As we have reported previously, the result of the European Union referendum (Brexit) was announced on 24 June 2016 with a vote in favour of the United Kingdom leaving the EU.
We have issued a series of Brexit updates since the date of the referendum. To access such prior alerts, please visit our Brexit page.
Definition of EU “exit day” changed in UK law as UK Parliament seeks to reach agreement on the nature of Brexit and the UK’s future relationship with the EU
On 27 March 2019, the UK Parliament voted to postpone the day that the UK will leave the EU (the “Exit Day”) beyond 29 March 2019 as UK members of Parliament (“MPs”) approved a change to the definition of Exit Day in the European Union (Withdrawal) Act 2018 following UK talks with the EU. The Exit Day would have been delayed until 22 May 2019 at 11pm in the event that the UK government’s Brexit deal (the “Withdrawal Agreement”) was approved by Parliament by 29 March 2019. However, the Withdrawal Agreement was rejected for a third time by MPs by 58 votes on 29 March 2019, meaning that the Exit Day has been delayed until 12 April 2019 at 11pm.
In light of the negative parliamentary response to the Withdrawal Agreement, MPs voted to take control of Parliament’s agenda away from the government in order to establish a common parliamentary consensus on Brexit. On 27 March 2019, Parliament debated eight non-legally binding “indicative votes” in order to ascertain whether any alternatives to the Withdrawal Agreement were favoured by MPs, which included exiting the EU without a deal, revoking the UK’s decision to leave the EU and holding a second referendum. However, MPs were unable to reach a majority on any of the indicative votes, leaving Parliament without a defined goal for future Brexit talks with the EU.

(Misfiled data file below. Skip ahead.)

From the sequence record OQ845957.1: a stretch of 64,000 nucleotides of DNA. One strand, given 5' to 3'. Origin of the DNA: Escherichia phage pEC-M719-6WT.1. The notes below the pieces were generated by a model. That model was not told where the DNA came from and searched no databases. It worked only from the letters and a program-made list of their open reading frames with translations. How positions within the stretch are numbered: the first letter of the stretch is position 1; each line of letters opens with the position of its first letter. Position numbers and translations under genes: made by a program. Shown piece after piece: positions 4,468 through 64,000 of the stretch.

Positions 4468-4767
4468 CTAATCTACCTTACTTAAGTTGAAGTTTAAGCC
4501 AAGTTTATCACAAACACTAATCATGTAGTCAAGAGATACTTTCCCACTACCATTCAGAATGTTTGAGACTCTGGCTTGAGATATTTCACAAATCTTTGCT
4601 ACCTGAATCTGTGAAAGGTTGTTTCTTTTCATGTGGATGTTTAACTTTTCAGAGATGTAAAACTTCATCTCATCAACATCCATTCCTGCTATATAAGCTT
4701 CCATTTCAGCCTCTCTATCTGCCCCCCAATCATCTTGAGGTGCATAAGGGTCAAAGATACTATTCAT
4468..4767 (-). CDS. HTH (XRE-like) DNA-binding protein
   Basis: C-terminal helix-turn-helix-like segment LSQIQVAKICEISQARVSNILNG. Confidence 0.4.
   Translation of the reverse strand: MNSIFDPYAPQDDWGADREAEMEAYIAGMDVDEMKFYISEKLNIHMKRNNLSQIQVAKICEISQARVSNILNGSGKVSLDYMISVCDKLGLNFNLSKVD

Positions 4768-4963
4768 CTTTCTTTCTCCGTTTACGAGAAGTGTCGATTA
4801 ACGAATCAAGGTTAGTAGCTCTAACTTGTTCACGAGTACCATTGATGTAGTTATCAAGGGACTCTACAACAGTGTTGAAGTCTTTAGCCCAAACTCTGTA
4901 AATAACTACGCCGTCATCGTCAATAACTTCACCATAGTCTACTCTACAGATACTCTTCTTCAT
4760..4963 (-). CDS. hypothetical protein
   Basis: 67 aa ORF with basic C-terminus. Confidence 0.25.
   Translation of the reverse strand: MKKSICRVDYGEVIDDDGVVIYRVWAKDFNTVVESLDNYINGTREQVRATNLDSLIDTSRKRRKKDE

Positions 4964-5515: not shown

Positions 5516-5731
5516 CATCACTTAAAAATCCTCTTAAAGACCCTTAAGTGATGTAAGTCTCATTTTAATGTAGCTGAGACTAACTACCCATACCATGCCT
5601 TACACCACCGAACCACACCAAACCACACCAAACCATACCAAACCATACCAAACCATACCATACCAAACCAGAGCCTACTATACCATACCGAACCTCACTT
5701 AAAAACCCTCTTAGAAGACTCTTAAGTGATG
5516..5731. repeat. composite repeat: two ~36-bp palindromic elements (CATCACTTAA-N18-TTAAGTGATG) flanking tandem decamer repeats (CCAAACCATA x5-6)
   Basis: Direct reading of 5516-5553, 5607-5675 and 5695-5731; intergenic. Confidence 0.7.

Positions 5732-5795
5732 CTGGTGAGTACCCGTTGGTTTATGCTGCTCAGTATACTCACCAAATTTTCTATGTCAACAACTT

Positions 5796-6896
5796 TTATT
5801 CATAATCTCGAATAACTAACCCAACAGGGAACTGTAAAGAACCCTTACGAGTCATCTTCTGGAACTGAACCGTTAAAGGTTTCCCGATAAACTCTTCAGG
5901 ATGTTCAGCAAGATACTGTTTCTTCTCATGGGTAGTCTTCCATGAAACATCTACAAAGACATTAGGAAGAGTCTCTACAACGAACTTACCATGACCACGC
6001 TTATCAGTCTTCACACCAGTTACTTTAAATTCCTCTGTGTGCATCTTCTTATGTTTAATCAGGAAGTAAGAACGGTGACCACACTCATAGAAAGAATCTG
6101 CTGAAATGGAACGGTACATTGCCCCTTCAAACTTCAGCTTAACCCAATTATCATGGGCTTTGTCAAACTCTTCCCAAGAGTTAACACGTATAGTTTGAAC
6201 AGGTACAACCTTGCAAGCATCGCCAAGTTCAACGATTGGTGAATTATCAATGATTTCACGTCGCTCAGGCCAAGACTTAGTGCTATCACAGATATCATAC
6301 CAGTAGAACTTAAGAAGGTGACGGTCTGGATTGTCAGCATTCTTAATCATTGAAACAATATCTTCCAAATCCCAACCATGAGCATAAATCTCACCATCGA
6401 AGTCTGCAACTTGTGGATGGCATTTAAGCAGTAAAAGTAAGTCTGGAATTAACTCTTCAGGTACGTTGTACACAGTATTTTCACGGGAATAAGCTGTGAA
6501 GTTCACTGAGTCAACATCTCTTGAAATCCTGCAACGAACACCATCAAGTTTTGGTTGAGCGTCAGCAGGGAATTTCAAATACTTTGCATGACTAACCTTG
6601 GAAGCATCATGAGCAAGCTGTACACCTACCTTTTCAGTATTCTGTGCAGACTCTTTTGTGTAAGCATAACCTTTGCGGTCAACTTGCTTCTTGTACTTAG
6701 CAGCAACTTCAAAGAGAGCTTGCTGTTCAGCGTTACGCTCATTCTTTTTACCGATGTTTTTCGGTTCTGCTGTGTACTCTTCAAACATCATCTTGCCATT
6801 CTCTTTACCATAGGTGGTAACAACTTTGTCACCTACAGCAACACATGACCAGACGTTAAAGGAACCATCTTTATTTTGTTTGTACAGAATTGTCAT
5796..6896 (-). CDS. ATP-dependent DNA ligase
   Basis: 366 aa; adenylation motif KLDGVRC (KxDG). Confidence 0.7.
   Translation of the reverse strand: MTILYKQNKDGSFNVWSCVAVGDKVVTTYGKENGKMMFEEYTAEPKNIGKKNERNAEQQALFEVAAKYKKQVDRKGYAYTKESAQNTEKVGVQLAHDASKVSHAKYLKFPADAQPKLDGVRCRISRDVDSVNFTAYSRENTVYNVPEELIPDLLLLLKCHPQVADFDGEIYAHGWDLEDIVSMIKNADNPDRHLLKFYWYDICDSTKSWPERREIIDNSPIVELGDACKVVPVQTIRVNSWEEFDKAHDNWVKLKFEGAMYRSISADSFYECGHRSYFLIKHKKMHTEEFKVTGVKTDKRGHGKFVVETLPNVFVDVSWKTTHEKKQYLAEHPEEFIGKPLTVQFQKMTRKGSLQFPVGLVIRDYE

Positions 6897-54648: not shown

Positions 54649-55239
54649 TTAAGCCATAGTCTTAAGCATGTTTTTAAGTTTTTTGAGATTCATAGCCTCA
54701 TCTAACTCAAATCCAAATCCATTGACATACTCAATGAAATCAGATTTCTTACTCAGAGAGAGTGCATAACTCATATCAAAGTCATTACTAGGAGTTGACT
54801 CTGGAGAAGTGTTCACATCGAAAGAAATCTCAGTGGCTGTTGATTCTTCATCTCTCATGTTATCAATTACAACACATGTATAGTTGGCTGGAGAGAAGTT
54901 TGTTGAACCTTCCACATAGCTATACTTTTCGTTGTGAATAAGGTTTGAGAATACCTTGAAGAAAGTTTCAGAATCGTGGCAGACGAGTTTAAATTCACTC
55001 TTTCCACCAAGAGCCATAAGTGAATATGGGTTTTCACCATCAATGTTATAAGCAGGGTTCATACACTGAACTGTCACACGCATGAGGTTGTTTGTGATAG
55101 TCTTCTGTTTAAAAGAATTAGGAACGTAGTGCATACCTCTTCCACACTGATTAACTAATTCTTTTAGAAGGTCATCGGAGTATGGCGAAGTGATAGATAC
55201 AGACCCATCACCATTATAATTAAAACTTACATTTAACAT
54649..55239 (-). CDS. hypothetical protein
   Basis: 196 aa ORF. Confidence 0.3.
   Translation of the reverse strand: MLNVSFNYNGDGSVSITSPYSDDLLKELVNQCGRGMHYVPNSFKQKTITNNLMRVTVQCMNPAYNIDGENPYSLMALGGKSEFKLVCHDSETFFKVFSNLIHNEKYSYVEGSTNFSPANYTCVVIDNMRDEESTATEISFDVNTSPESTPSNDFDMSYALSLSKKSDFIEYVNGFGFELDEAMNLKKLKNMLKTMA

Following the lack of parliamentary agreement concerning the nature of Brexit and the UK’s future relationship with the EU, MPs again debated four of the indicative votes on alternative Brexit arrangements on 1 April 2019, which included adopting a UK-wide customs union with the EU, but each vote again failed to receive majority support from MPs. In light of Parliament’s failure to achieve a Brexit consensus, the EU's chief Brexit negotiator Michel Barnier stated that “a no-deal scenario has become more likely, but we can still hope to avoid it” if the UK were to adopt the Withdrawal Agreement or propose to retain closer ties with the EU by remaining in the customs union.
As a result of the continued deadlock in Parliament, there remains no certainty about the exact Brexit outcome. We will keep clients updated as matters continue to unfold.
In the blur of mega firms, Brown Rudnick stands out as a “global boutique” and has in place a multi-disciplinary, international Brexit Team. We are monitoring and analysing the consequences and considerations for businesses and are ready to advise on the potential legal implications of Brexit. The Brown Rudnick Brexit Team is available to advise on the issues across a broad range of sectors within our areas of expertise.
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